Sunday, January 6, 2013

Trust No One (Cahill vs. Vespers bk. 5) by Linda Sue Park

A spell of time has passed since I read a book I really liked in this series. I skimmed a previous one (can't remember which one) and it was so unbelievable, I lost my desire to read them. This series always has plenty of action, but I thought the historical details had become second citizens in the plot and the characters weren't changing enough to hold my interest. Linda Sue Park gives the series the boost I think it needs, balancing the writing elements of a believable plot along with characters whose voices show their internal conflicts as they grow and change in stressful circumstances. 

Dan and Amy Cahill are being controlled by the Vespers, a group that has kidnapped seven of their relatives, and threatens to kill them if the two don't do what they ask-which is usually stealing some famous artifact or artwork. Their mission this time is to steal the Voynich manuscript, a 15th century writing in a language that no one can decipher, that is housed at Yale's library. Along with the help of friends Atticus and Jake, the four discover the Vespers are out to build a doomsday machine. In an interesting twist at the end, Dan makes a desperate move in an effort to turn the tables on the Vespers.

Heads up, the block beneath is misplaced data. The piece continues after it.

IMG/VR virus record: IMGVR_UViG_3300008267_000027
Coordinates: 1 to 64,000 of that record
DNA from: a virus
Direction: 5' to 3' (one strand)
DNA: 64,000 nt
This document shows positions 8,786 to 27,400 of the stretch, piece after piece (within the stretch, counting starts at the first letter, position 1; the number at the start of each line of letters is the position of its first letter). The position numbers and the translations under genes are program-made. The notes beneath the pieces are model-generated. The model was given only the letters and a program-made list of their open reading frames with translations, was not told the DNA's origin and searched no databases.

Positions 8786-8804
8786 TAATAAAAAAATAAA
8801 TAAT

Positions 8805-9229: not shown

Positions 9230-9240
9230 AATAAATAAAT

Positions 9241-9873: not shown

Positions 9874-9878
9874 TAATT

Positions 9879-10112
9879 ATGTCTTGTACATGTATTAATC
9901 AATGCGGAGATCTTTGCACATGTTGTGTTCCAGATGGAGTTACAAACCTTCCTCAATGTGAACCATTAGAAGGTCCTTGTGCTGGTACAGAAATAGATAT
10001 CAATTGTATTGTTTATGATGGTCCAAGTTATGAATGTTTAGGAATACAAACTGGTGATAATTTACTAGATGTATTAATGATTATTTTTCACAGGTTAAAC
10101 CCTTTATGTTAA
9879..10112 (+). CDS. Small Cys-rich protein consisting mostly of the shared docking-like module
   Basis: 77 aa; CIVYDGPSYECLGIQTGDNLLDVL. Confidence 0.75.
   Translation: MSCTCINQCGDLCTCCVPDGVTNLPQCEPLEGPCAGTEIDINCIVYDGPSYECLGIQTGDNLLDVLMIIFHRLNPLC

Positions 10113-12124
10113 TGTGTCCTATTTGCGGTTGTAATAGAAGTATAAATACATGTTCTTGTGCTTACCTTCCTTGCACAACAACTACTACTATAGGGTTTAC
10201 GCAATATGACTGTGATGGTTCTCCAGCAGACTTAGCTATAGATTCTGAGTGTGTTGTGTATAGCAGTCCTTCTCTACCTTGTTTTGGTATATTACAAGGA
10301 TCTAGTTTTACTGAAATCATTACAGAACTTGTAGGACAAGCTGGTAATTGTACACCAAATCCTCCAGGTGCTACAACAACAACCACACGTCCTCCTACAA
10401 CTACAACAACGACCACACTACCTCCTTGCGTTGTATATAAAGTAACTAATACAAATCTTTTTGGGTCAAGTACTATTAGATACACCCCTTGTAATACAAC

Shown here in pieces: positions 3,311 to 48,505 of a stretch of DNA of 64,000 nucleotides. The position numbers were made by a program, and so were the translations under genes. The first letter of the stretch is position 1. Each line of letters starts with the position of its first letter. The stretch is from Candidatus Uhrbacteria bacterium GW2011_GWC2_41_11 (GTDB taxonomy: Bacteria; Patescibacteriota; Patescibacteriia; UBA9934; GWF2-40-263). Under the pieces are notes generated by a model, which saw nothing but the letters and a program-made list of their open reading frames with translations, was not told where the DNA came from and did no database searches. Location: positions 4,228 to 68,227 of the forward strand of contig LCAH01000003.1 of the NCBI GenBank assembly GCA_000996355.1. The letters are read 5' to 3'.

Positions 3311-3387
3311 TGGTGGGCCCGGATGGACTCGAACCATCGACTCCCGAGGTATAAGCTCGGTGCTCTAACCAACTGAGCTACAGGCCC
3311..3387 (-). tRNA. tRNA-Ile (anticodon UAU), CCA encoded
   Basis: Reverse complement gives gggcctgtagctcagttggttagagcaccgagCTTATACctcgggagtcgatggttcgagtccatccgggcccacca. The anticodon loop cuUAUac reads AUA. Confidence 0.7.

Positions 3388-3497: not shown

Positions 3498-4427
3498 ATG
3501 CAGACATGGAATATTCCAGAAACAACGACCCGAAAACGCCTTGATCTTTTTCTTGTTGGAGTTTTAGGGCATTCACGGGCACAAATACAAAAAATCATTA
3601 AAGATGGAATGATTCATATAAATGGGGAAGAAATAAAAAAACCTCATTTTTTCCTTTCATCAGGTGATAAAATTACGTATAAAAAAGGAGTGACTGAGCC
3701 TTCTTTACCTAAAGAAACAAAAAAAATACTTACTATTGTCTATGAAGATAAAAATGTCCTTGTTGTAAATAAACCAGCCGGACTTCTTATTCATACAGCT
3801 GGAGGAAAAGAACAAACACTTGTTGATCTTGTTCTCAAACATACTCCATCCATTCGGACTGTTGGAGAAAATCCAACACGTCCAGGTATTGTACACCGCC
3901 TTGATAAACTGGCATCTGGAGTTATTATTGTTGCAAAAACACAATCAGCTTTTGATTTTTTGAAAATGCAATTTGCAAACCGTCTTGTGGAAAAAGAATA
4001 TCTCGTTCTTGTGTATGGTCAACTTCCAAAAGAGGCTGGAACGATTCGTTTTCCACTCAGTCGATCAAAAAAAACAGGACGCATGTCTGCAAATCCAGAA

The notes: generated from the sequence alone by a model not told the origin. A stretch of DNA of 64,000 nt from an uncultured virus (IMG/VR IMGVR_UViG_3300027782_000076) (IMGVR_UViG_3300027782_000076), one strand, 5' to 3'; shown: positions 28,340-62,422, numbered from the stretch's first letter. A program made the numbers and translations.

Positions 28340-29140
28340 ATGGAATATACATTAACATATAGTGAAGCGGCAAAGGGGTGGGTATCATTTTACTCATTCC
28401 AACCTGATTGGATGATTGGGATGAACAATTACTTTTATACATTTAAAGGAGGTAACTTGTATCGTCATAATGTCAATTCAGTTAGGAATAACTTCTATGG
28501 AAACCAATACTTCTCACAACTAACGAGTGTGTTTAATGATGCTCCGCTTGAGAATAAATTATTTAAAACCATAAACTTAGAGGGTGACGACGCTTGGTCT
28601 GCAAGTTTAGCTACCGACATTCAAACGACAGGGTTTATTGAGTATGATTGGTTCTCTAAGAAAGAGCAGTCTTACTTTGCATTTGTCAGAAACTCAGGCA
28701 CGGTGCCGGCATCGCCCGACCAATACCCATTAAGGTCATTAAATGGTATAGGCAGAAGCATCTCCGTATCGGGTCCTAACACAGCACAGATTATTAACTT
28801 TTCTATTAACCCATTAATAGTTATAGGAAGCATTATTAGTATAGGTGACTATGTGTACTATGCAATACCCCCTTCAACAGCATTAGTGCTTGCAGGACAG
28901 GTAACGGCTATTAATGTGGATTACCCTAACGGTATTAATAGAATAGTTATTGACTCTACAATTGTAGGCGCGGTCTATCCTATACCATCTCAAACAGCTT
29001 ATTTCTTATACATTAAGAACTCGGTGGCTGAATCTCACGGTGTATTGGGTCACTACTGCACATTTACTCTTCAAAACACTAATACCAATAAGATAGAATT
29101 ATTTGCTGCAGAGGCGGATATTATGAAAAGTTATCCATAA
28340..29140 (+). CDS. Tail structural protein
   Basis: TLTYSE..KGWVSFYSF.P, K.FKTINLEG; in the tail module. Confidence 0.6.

I admire how Park crafts her plot. It can't be easy writing this series because it must have prescribed plot points that happen and a writer has to work those elements in versus having the freedom of creative plot development. I would love to find out how much leeway she has when writing these novels and if the constraints are easier, harder, or make no difference.

At one point I noticed that Atticus was trying to get respect from the three older kids while Amy was struggling with the stress of finding clues and having feelings for Jake and her boyfriend, Evan, and I wondered about Dan's thoughts. Park gives him equal time but not until the last third of the novel in which he is forced to step into a leadership position. The wise-cracking Dan is growing up in the books and she does a terrific job at character development. The series violence continues with stabbings, deaths, and attacks on the kids. A historical buffet of the Voynich manuscript, Archimedes, and Brazil's culture are quite tasty.  A quick, fun read.

Reading Level 4.8
4 out of 5 Smileys

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